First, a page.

I’ve read a few option books.
THANKS... This is probably the most comprehensive "greeks" article/book I’ve read.

Wonderful blog. …..
A wonder wealth of knowledge there. Thanks so much for your kindness in publishing it!

Thank you very much for the most concise and simplest option intro. Highly recommended.

So far, yours is the best blog/site on basic options notes in the web that I have chanced upon.

Wednesday, November 28, 2007


Symmetrical Triangle is a neutral pattern that normally forms during a trend (either uptrend or downtrend) as a continuation / consolidation pattern. The breakout usually occurs in the same direction as the existing trend.

The Formation of Symmetrical Triangle Pattern

Symmetrical Triangle Pattern contains at least two lower highs (peaks) and two higher lows (troughs). When the peak as well as trough points are connected by separate lines and then extended to the right, they would respectively form a descending upper line and an ascending lower line, creating a pattern that looks like a symmetrical triangle.
In this case, the descending upper line acts as resistance, whereas the ascending lower line as support.

This pattern occurs because the highs (peaks) are moving progressively lower, whereas the lows (troughs) are moving progressively higher.
As the range between the peaks and troughs are narrowing, the upper & lower lines converge at the "Apex", which is located at the right of the triangle.
The completion of the pattern occurs when prices break out through either the upper line (i.e. breakout to the upside) or lower line (i.e. breakout to the downside) before finishing the apex of the triangle.

A triangle pattern may sometimes be associated with a “coil”. A “coil” needs to recoil (contract) in order to build up enough potential energy for its next expansion.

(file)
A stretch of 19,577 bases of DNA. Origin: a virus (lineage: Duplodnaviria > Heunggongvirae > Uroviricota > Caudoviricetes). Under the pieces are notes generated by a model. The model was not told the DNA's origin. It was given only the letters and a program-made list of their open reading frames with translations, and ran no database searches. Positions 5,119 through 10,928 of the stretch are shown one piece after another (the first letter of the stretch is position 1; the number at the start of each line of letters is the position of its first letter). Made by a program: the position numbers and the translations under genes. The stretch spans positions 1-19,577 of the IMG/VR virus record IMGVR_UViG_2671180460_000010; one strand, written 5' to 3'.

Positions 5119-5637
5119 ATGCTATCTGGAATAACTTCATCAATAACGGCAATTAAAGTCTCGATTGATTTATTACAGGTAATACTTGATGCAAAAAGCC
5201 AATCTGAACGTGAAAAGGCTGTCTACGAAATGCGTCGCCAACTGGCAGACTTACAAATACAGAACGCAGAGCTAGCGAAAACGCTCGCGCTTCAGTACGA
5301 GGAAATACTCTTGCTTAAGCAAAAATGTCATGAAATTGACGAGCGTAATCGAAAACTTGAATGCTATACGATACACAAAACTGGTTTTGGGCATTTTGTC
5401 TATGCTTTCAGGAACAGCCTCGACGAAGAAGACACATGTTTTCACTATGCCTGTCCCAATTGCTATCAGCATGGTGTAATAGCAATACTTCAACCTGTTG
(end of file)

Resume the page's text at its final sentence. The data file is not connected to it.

The pattern implies that buyers and sellers are in a period where they still hesitate where the market is heading. However, in the end, either the buyers or sellers managed to find enough conviction to break out to one side with great force.

To be continued to Part 2: Important Characteristics of Symmetrical Triangle pattern.

To read about other chart patterns, go to: Learning Charts Patterns.

Related Posts:
* Learning Candlestick Charts
* Options Trading Basic – Part 2
* Understanding Implied Volatility (IV)
* Option Greeks


Anonymous said...


I know you have not talk about volume yet but I would like to ask a question about volume which bother me for quite sometime. What is the meaning of the volume bar colour(black bar and red bar)in the chart?

Thanks for your time.


Tony Chai said...

Hi John :

In normal circumstances, a red volume bar indicates that there are more selling activities, whereas a black volume bar indicates more buying activities.

You are right to point out that chart patterns should be confirmed together with trading volume.

Yours Truly,

Tony Chai
My Options Trading Blog


Hi Tony,
Thanks for your kind response to John. :)

Hi John,
As Tony mentioned, red volume bar indicates there are more selling activities during that period, whereas black volume bar indicates that there are more buying activities during the period.

In candlestick chart, a red volume bar usually accompanies red candlestick (bearish candle), while a black volume bar usually accompanies white candlestick (bullish candle).

With regards to volume analysis for Triangle patterns, please refer to:
“Part 2 - Important Characteristics” for Triangle Pattern under “Volume” part.

* ASCENDING TRIANGLE PATTERN – Part 2: Important Characteristics
* DESCENDING TRIANGLE PATTERN – Part 2: Important Characteristics

Options Trading Beginner